"In these two tanks, for example, are about 140 head of embryos," Davis said, speaking of head of cattle the way ranchers do when sizing up their herds. "They're all in liquid nitrogen, and we can store hundreds and hundreds and hundreds of embryos in these two tanks."
        The liquid nitrogen, slowly boiling back to gas at minus 321 degrees Fahrenheit, holds the embryos frozen in suspended animation. These particular tanks can store embryos for up to 20 weeks without being refilled with liquid nitrogen.

By the numbers
        Numbers that matter more than acres to Davis have names like EPD, API and TI. EPDs are "expected progeny differences," predictions of how calves from certain bull-cow pairings will perform, from ease of calving, birth weight and weaning weight to yield grade, tenderness and marbling of beef.
        The API is the All-Purpose Index, a predictor of dollars per cow bred to a particular bull, while the TI is the more specific Terminal Index, dollars earned if all calves are raised directly for market.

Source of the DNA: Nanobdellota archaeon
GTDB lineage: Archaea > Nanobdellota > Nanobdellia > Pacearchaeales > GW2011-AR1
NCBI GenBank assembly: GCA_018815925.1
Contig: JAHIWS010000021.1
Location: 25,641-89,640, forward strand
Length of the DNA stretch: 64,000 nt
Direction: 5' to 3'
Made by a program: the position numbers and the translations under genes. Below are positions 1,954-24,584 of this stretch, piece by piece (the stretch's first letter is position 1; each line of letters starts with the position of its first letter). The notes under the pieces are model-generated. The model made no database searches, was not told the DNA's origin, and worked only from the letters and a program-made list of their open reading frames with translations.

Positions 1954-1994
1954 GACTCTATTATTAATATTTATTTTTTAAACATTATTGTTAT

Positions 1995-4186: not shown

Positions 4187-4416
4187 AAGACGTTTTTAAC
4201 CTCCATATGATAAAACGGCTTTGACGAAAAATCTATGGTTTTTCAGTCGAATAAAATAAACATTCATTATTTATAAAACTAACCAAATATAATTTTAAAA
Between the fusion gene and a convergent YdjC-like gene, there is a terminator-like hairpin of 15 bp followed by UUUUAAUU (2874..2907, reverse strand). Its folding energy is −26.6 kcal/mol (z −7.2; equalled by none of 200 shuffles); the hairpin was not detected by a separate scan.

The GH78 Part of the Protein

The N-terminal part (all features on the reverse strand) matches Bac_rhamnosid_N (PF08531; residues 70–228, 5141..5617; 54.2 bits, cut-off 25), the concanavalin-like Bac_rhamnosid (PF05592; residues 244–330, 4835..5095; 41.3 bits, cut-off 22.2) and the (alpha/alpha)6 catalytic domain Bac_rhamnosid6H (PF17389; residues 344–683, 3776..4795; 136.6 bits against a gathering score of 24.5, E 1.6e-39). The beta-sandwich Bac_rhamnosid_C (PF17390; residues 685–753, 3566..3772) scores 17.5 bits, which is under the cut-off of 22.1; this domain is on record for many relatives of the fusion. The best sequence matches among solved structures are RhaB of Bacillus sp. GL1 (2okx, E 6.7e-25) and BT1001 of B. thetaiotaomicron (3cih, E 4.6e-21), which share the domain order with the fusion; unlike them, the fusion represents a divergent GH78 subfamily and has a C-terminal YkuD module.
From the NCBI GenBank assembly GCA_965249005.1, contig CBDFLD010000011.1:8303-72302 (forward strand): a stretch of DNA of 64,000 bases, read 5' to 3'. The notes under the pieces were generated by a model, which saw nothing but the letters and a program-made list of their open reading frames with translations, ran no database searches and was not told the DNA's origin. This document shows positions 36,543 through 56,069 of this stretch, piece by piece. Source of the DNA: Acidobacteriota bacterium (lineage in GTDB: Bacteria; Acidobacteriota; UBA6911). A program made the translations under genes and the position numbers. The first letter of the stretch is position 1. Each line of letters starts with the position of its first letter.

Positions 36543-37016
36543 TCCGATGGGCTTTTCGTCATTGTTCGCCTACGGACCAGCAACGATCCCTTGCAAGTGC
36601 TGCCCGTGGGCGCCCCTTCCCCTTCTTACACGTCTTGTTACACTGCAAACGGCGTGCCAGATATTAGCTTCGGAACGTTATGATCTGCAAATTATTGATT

Davis had penned nine young bulls, around 13 months old, which he plans to sell Dec. 13 at the Driggers-Strickland Bull Sale near Glennville. Although most of his ranch's progeny are sold at the embryo stage, he does sell bulls once a year.
        "These represent the Number 2 API/TI groups of bulls in the country," he said. "The EPDs and indexes are quality parameters, and based on those parameters, these bulls represent the Number 2 bull group in the United States."
        Davis pointed out a bull he said should be worth about $20,000 as breeding stock. Prices of $5,000 to $20,000 per bull, he said, explain why unborn cattle sold as embryos can be a more attractive investment for cattle producers further up the chain, even at $800 to $1,250 each. The embryos are sold in sets of three, guaranteeing one pregnancy, and he has sold about 10 sets this fall.

One man, with help
        Davis Ranch is a one-man operation in the sense that Davis has no employees. All of the regular chores, from the twice-daily feedings to the tagging and weighing all of the calves each fall, he undertakes by himself. He shows off a chute and gate system designed for safe operation by one person.